I hope they don’t hang you, precious, by that sweet neck. Yes, angel, I’m gonna send you over. The chances are you’ll get off with life. That means if you’re a good girl, you’ll be out in 20 years. I’ll be waiting for you. If they hang you, I’ll always remember you.
Thus spake Humphrey Bogart, shunning the love of his life and handing the murderess over to the authorities in The Maltese Falcon. Arguably, it is the greatest MGTOW moment in movie history (the conclusion of A Boy and His Dog is a close second). One wonders if misogyny trigger warnings precede screenings at college film societies.
Curiously, the Bogart screen persona was highly unlikely given his background. Like James Cagney and George Raft, two of his partners in crime in Warner Brothers’ gangster films, Bogart was a native New Yorker. He was not a product of the tenements, however. Far from it.
Bogart’s stated birth date of Christmas Day, 1899, is doubtful, but we can say he was born more or less at the turn of the 20th Century to a prominent family. His father, Belmont DeForest Bogart, was a descendant of patroons, the original Dutch settlers of New York and New Jersey. His mother Maud Humphrey Bogart, had ancestors who came over on the Mayflower. The Bogarts lived on the tony Upper West Side of Manhattan.
Bogart’s parents had more going for them than family trees with deep roots in America. Belmont Bogart was a cardiopulmonary surgeon. Maud Bogart was a famous commercial illustrator. An urban legend asserted that she used young Humphrey as the model for the Gerber baby food label. In truth, she did use him as a model, but for a baby food brand that was popular in his infancy (Gerber was not founded till 1928).
Maud Bogart was a suffragette, a celebrated career woman of her day. Her husband was well compensated but she made far more than he did, which may or may not have played a part in his opioid addiction. Humphrey and his two sisters were not exactly awash in maternal love, which may offer a hint as to why he was so convincingly wary of dames on screen. “I can’t say I ever loved my mother,” he observed. “I admired her.” Fittingly, Bogart’s obituary in the New York Herald-Tribune in 1957 stated that “Mothers never held him up to children as their ideal.”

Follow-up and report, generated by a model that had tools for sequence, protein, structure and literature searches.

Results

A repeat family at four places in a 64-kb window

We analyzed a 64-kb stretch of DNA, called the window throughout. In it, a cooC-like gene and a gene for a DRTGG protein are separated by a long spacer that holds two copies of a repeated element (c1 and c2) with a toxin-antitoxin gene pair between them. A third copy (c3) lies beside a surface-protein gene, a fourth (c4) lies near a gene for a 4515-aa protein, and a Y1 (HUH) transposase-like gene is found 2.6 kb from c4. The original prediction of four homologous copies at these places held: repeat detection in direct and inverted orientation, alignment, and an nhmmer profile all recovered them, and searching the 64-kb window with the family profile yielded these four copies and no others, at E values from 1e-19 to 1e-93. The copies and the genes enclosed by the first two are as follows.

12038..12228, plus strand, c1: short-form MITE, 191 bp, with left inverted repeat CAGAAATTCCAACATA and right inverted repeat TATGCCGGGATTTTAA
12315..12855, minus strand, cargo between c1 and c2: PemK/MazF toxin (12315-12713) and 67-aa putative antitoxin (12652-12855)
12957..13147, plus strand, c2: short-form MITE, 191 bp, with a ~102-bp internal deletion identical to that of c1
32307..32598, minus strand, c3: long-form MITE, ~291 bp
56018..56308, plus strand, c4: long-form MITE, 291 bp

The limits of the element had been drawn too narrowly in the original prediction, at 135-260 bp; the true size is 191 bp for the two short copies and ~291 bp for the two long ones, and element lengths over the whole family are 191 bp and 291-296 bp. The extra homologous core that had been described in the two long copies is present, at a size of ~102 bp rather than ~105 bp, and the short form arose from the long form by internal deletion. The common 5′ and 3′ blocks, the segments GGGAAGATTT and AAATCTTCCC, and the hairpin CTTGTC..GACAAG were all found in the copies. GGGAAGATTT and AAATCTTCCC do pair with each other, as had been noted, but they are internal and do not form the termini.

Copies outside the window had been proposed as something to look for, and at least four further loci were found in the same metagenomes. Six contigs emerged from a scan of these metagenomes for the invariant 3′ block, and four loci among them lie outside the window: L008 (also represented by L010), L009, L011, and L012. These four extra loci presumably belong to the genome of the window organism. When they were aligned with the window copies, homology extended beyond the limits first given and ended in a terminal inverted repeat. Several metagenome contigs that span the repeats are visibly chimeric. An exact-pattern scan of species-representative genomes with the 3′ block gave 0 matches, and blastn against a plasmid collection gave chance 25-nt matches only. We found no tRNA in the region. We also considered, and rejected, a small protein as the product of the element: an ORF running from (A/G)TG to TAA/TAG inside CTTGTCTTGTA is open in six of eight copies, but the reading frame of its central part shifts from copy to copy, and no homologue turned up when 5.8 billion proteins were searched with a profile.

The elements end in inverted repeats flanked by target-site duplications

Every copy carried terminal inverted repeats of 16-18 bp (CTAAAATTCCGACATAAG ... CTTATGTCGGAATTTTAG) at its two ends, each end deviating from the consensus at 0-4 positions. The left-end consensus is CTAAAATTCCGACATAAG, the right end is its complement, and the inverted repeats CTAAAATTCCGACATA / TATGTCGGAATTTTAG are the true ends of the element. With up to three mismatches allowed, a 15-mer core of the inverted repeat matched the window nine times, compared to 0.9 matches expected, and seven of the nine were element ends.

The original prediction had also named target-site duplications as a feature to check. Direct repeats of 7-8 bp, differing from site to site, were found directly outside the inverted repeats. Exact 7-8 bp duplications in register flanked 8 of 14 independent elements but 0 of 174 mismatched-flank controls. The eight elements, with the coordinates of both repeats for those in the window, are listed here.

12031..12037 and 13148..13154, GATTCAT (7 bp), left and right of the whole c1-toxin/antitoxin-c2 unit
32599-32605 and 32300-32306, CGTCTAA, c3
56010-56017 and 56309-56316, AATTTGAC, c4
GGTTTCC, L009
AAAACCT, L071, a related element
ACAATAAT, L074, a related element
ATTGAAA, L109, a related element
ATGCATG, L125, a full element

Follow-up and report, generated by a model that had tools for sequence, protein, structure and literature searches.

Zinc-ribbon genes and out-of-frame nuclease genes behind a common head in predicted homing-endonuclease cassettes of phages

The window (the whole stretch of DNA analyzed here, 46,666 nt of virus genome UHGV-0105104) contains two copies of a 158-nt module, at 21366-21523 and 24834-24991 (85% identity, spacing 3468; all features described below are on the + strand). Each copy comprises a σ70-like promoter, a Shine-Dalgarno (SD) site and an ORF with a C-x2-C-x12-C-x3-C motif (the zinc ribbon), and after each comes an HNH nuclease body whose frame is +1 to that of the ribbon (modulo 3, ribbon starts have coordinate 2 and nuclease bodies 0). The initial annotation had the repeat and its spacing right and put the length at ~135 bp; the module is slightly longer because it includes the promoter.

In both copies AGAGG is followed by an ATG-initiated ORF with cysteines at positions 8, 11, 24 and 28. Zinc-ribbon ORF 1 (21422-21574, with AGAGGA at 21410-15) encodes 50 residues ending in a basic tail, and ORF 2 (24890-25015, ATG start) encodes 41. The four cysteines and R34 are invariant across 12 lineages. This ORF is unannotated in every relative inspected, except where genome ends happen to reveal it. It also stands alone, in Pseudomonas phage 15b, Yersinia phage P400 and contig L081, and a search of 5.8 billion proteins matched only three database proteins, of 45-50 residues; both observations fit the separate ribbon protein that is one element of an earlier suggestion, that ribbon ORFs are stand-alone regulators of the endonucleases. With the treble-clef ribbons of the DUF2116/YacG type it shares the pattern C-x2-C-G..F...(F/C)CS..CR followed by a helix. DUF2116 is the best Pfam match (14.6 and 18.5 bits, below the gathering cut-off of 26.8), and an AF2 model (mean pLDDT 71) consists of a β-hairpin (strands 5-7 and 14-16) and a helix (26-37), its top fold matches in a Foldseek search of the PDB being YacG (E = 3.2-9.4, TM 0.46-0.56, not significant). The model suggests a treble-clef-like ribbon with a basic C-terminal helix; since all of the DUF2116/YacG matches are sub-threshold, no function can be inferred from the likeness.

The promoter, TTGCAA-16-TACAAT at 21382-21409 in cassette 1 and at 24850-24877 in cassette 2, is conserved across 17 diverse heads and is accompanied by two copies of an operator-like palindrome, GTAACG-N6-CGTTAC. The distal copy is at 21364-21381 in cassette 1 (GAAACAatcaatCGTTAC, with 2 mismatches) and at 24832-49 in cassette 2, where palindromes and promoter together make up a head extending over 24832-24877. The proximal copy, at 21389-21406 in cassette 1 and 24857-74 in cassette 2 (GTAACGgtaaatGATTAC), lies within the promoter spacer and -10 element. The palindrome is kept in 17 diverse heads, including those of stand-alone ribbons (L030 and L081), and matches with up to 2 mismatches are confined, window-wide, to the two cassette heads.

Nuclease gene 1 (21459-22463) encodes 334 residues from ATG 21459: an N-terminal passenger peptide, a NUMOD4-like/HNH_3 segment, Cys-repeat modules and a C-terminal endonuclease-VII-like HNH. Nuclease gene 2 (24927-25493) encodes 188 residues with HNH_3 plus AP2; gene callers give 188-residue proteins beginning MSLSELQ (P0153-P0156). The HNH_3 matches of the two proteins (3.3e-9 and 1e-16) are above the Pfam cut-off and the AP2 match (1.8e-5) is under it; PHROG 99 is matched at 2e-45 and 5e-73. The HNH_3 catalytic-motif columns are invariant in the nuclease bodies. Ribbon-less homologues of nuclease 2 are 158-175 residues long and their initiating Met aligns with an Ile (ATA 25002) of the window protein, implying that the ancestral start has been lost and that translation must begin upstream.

Bogart attended, and flunked out of Phillips Andover Academy, an uber-elite Massachusetts prep school (his father’s alma mater) founded in 1778. He served in the Navy without distinction during World War I and got into acting after his discharge. He was a working actor, on Broadway throughout the 1920s, and in Hollywood starting in the 1930’s.
In film roles, for the most part, he started out as a heavy, so he was not expected to get the girl – or even to court the girl. That is the province of the leading man. Fittingly, Bogart’s filmography table on Wikipedia does not include a category for leading ladies until 1941 when The Maltese Falcon was released.
That same year Bogart enjoyed another breakthrough role in High Sierra. As Roy “Mad Dog” Earle, Bogart was a gangster who took pity on a crippled girl and paid for an operation to correct her problem in an ill-fated attempt to win her over. Another case of white-knighting gone awry.
High Sierra was in fact Bogart’s first true starring role. The Petrified Forest (1936) is often cited as his first big part, but his portrayal of gangster Duke Mantee, a role he originated in the play of the same name on Broadway, was in truth a supporting role. When the film came out, the names above the title were Leslie Howard and Bette Davis.
Despite Bogie’s lack of luck with women in 1941 releases, the next year, he starred in Casablanca, which is widely viewed as one of the most, if not the most, romantic movie ever made. Bogart starts out as a MGTOW (“I’m the only cause I’m interested in” and “I stick my neck out for nobody”) scrupulously remaining neutral while World War II swirls around him. Then he re-ignites an old flame (Ingrid Bergman) whose husband is a Czech resistance leader and ends up sacrificing his self-interest for the cause. Bogie bows to the collective – not by committing to a woman but by giving her up so she can assist her husband!
While Bogart often played opposite A-list actresses, they were never able to dominate him on screen. When he had relationships, they were hardly of the tradcon sort. For the most part, his lot was that of an existential loner.